The movie “Office Space” vividly illustrates the joy in destroying an electronic device. After dealing with a defective printer for too long, the employees take it outside and smash it to pieces. Yes, they were able to let out some built up rage, but they also avoided having the confidential information stored in that printer get into the wrong hands.
When it comes to reselling electronic devices, the only option that stands between you and identity theft is to destroy the hard drive.
Ok, so smashing the hard drive with a hammer in a passionate outrage isn’t exactly what we are getting at, but physically destroying a hard drive is the best way to keep private information as it’s intended to be…private.
Back in March, we posted a blog about a study done in Australia by the National Association for Information Destruction (NAID) that found 30 percent of recycled computers contain highly confidential personal information. The report indicated that much of the information was confidential personal information from medical facilities and law firms. These computers, with their hard drives intact, were sold to public-access purchasing sites. Though the information contained in the devices was likely attempted to be deleted; accessing deleted data is a simple task. Data can still be recovered using specialist software that is widely available.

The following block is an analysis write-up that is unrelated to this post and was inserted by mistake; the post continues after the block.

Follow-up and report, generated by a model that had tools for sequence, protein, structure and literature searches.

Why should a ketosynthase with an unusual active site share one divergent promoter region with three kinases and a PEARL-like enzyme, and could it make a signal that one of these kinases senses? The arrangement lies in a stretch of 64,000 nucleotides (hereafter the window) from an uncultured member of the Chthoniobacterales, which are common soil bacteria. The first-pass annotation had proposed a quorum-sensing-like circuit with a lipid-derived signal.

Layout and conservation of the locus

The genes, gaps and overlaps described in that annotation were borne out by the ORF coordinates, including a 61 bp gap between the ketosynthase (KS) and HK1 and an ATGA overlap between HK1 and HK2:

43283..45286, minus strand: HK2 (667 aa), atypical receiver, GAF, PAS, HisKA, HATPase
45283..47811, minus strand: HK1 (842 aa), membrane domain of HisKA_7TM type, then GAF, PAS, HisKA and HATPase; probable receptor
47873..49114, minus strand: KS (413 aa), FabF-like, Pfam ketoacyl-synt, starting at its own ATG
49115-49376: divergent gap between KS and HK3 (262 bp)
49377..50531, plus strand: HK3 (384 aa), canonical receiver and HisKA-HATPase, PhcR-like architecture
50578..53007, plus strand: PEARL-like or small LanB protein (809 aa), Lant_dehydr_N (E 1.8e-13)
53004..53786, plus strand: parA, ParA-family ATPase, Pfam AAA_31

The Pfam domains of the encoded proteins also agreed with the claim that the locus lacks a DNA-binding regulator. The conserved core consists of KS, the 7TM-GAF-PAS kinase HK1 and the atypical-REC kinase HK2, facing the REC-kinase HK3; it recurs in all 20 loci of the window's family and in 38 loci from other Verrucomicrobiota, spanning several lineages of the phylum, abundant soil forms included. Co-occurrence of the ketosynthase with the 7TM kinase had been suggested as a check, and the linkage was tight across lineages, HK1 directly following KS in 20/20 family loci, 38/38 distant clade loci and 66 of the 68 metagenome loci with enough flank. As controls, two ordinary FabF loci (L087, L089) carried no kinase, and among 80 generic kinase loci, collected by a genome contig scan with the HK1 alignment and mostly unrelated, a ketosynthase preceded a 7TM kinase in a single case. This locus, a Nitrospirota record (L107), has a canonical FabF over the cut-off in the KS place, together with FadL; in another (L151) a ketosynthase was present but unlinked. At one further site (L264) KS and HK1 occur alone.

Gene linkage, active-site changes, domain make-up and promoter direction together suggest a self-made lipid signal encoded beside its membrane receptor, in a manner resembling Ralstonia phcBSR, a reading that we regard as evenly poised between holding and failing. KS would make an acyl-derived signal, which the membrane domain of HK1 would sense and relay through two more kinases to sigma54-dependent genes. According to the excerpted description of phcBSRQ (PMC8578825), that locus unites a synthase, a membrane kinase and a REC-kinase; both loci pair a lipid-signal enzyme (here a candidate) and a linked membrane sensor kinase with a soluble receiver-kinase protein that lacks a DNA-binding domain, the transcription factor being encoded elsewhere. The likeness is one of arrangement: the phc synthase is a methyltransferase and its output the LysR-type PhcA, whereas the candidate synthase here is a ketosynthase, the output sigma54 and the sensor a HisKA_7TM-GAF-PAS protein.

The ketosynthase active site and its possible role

A survey released by a New York computer forensics firm found that 40 percent of hard drives bought on eBay hold personal, private, and sensitive information. According to the study, drives were likely from computers sold to third-party resellers that disassembled them and sold off the parts.
Most all electronic recycling or IT asset disposition companies attempt to recycle the electronics and then re-sell the hard drives. DataShield customers know that there is no conflict of interest for us. Our mission has always been and always will be to protect your information.
Companies that do both the recycling of electronics and reselling of hard drives increase the chance at making an error by putting a hard drive in the wrong area of operations. At DataShield, the designated hard drive destruction area is the only area of the warehouse that hard drives ever go.
DataShield’s method of accepting, handling and physically destroying data can be outlined in 5 easy steps.
Hard drives are often the windows into some of the most sensitive data that belongs to an individual or organization. In a fast technology world, protecting sensitive data needs to be priority. Companies that expose confidential information risk their reputation, lawsuits, and thousands and thousands of dollars.
Contact DataShield today to start physically destroying hard drives before they get disposed.